One way of looking at speech is to say that it is a constant stratagem to cover nakedness.” This statement by Harold Pinter sums up excellently the motif that is characteristic of his work, and which makes his plays so powerful. In them, what is said is but a flimsy covering for the things that remain unsaid, revealing despite itself the raw nakedness of human emotion beneath. In Pinter Three, a collection of eleven of Pinter’s short plays touching on memory and loneliness, the “poverty within us” is picked out with brilliant clarity. Not explicitly, but obliquely – like the stark shadows cast by objects when a bright light is shone on them.
The evening opens to a phenomenal start with Landscape, a hard-hitting play which packs an emotional punch. Tamsin Grieg shines here as Beth, a woman lost in a romantic reverie of the past, using a lilting Irish accent that adds to the wistful nostalgia of the play. Keith Allen plays her foil as Beth’s crude, down-to-earth husband. Ostensibly having a conversation, an unbridgeable gulf yawns between the two. Who are they really talking to? Each is utterly alone in their own recollections, and the darkness in the story encroaches slowly, before we know it.
Grieg and Allen in Landscape bring out Pinter’s masterful ability to alternate between comic and tragic. Something will be funny, and all of a sudden, without warning, a character will let something slip, and we see that it is actually intensely sad. Another standout example is the short sketch Girls, with Tom Edden as a professor relating a story about “girls who want to be spanked”. Likewise with comedian Lee Evans’ brilliant rendition of Monologue, which Evans came out of retirement to act in. Chatting animatedly to an empty chair, the protagonist of Monologue is trapped in old memories and confabulations. But with his jaunty demeanour and spring-loaded mannerisms, Evans brings tears to our eyes – whether from laughter or sadness I’m not quite sure. We are swung from frank hilarity to aching sorrow in less than a heartbeat.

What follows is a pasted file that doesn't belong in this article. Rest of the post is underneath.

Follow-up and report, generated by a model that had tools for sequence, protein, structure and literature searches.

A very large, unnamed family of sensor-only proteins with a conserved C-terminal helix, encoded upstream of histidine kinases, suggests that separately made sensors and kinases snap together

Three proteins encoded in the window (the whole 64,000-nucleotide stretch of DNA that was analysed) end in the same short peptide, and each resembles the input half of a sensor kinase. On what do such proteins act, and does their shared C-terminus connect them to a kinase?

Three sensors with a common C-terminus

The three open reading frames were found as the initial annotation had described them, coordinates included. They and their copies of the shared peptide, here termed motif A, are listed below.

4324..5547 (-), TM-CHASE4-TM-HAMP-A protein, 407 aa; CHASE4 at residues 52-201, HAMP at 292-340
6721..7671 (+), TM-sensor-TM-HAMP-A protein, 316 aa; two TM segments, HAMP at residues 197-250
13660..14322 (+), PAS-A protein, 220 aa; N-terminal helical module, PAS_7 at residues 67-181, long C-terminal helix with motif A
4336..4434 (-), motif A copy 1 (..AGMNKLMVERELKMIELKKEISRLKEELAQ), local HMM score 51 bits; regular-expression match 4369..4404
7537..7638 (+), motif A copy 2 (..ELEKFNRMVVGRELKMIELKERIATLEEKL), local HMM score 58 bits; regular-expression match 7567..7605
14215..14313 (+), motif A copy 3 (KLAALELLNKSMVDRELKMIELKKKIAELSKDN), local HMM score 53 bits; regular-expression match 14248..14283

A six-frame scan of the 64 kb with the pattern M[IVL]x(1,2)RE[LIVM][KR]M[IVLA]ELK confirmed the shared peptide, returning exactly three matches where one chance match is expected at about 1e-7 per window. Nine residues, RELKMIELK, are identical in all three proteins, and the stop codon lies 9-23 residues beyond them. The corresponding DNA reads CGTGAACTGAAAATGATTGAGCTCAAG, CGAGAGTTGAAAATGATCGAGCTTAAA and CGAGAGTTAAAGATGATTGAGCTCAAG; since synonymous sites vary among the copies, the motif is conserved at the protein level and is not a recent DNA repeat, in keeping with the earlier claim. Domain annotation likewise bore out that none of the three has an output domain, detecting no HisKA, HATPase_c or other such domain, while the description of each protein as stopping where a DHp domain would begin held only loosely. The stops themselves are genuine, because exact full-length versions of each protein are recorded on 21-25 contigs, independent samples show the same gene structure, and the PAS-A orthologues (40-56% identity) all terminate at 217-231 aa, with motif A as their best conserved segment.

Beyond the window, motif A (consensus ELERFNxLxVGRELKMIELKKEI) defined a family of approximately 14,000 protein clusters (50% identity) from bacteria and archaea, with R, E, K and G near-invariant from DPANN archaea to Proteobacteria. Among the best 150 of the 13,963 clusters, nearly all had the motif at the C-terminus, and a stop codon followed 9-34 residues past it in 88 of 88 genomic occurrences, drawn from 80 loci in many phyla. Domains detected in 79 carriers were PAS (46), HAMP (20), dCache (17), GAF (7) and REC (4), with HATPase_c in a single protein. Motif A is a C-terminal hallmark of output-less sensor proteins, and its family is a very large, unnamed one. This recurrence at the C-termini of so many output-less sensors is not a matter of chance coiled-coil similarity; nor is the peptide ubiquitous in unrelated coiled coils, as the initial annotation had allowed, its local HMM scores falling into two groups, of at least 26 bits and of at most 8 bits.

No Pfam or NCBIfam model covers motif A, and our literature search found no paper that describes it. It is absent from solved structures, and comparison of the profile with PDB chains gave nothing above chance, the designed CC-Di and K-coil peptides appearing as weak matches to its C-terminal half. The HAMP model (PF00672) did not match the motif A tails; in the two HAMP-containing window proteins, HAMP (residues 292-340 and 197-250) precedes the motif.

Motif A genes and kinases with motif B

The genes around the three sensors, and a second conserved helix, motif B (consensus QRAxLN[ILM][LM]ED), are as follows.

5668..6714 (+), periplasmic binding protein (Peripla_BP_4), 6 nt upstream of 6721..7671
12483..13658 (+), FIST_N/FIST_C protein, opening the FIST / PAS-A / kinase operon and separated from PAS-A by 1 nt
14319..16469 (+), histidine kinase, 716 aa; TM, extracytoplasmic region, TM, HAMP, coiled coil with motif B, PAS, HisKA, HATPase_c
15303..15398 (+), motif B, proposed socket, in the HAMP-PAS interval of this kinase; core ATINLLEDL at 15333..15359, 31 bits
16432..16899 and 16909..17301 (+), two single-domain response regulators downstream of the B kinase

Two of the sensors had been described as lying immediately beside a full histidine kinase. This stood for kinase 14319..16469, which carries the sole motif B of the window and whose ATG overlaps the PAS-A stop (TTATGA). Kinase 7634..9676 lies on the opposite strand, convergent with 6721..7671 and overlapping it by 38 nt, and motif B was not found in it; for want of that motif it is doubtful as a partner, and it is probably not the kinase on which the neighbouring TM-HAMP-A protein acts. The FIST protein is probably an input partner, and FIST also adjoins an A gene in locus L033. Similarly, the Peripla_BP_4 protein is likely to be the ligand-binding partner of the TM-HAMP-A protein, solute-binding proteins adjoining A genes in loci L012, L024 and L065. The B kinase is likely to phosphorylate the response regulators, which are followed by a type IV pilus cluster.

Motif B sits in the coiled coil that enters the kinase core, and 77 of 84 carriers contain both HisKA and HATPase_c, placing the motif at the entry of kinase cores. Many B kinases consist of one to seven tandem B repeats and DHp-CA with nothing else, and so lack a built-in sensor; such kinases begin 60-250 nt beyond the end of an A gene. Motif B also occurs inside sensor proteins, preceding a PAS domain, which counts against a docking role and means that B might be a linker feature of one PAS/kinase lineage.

A great deal of what happens in a Pinter play happens between the lines, behind the scenes. What we see is merely the tip of the iceberg. Scratching the surface of loneliness. Whether it’s a man having a conversation with an absent friend, or a professor inventing a fantasy about a girl he’s seen once on the street. And yet there is tenderness to be found there, too. In Night, a man and a woman argue about the details of their first rendezvous – was it against railings, or on a bridge? Each has their own version of that magical first meeting, but in the end, it doesn’t matter. Evans and Meera Syal bring this beautiful little piece to life with truly believable affection.
Huge props to Jamie Lloyd for curating these eleven plays. Despite spanning almost fifty years of Pinter’s work, they flow smoothly in this frankly astounding production. Soutra Gilmour’s versatile revolving set, illuminated by a singular lightbulb, whirls us seamlessly from one scene to the next. With this remarkable cast of actors, we see the shades of emotional subtlety in each piece, how the nature of memory is wholly subjective. This is Pinter at his finest.